The high cost of raising revenue through Canada’s personal income tax
The personal income tax (PIT) is the single largest source of revenue for Canadian governments, but it also has a major impact on the level and growth of personal income. The PIT influences a wide range of important economic decisions that individuals make, such as hours of work, location of employment, retirement dates, acquisition of education and training, occupation choice, risk-taking, entrepreneurship and savings. All of these decisions affect the amount and types of income generated in the economy.
When governments raise the PIT rates, there are both direct and indirect costs imposed on the private sector. The direct cost is the additional PIT that taxpayers have to pay. The indirect cost is the loss of income-generating activities arising from the taxpayers’ responses to the tax rate increases. The marginal cost of public funds (MCF) measures both the direct and indirect costs to society in raising an additional dollar of tax revenue through a tax rate increase. In the absence of other distortions in the economy, such as monopolies or pollution, the cost of raising an additional dollar of tax revenue is normally more than a dollar because of the additional welfare loss arising from further distorting decisions that affect the size of the economic pie.
The MCF can help inform tax policy decisions.
By indicating which are the highest and which the lowest cost sources of tax revenue, the MCF can point the direction for revenue neutral changes in the tax mix that would lower the total cost to society of raising a given amount of tax revenue. It can also be used in cost-benefit analyses of public expenditure programs because the additional benefit from an additional dollar spent on a program should be greater than the cost of financing it through the tax system. As we will see, the MCF of the personal income tax can be very high. In Ontario, our estimates show that it is more than $6 per $1 of revenue raised.
With costs this high, marginal public expenditures would have to bring very high value to justify raising extra income tax revenues to pay for them. No other province has so high a marginal cost of funds, though in every province the MCF exceeds $2 per $1 raised: to the direct cost of taxation has to be added more than another full dollar of indirect cost.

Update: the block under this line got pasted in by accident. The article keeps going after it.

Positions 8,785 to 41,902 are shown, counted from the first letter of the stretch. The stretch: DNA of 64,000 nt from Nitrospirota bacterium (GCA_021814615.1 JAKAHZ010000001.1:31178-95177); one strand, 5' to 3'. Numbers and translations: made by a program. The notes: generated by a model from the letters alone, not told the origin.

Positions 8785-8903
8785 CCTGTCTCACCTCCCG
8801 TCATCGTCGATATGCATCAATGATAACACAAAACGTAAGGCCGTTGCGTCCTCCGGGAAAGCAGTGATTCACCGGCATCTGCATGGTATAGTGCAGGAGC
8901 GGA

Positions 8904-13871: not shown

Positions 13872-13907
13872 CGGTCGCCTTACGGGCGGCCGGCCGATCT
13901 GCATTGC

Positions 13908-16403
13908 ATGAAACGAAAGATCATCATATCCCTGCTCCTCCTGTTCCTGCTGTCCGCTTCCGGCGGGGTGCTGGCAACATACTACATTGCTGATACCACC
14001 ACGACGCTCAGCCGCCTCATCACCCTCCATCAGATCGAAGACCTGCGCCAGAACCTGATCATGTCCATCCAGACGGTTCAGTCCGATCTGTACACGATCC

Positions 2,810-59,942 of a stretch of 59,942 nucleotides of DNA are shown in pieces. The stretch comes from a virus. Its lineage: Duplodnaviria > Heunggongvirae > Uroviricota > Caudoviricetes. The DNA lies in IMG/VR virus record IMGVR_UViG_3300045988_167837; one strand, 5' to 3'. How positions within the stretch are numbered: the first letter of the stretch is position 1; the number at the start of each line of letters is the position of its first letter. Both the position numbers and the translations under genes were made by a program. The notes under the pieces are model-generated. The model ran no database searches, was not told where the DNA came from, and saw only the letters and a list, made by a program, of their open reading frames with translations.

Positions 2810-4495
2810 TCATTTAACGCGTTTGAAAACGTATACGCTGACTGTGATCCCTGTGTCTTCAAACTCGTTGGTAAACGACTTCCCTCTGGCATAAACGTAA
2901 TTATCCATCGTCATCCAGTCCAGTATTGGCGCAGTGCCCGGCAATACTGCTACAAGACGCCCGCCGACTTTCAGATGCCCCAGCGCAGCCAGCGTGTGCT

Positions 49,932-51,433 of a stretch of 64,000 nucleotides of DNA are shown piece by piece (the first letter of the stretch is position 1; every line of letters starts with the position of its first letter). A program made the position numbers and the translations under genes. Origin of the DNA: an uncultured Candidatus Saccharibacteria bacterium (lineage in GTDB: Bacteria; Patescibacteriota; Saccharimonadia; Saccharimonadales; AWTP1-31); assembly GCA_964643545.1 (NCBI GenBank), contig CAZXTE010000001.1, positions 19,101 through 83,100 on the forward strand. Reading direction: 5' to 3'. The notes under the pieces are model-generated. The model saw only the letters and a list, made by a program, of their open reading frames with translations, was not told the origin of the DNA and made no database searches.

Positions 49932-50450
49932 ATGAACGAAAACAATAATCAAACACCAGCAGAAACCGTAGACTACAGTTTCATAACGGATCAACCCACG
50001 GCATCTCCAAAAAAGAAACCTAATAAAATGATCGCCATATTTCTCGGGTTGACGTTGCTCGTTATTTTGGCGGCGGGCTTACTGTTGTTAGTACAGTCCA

Several factors affect the magnitude of the MCF for any tax. Tax bases that are very tax sensitive have a higher MCF. If the taxpayer can readily shift activity away from a tax base, there is a greater distortion in the allocation of resources when its tax rate is increased, and the MCF for that tax base will be higher. A measure of the tax sensitivity of a tax base is the percentage reduction in the tax base from a one percentage point increase in its tax rate. This parameter is called the (own) semi-elasticity of the tax base, and it is a negative number because of the inverse relation between a tax base and the tax rate that is applied to it. In addition, the interaction between tax bases can affect the size of the welfare loss from a tax increase.
For example, an increase in the PIT rate, by lowering a taxpayer’s disposable income, will normally lead to a reduction in the consumption of goods and services that are taxed under a general sales tax, leading to a larger welfare loss per dollar of total tax revenue generated from the PIT rate increase. This interaction can be measured by the percentage change in the sales tax base when the PIT rate is increased by one percentage point, known as the cross semi-elasticity of the tax bases. Another factor that affects the size of the MCF is the tax rate itself.
Generally speaking, the higher the tax rate the higher the MCF because the welfare loss from taxation depends on the size of the tax wedge, the gap between the pre- and post-tax returns on an investment, or the gap between the before and the after-tax wage rates that workers receive. Finally, taxes that generate more tax revenue will have higher a MCF because distortions in the larger tax bases have a larger impact on economic activity and represent larger efficiency losses.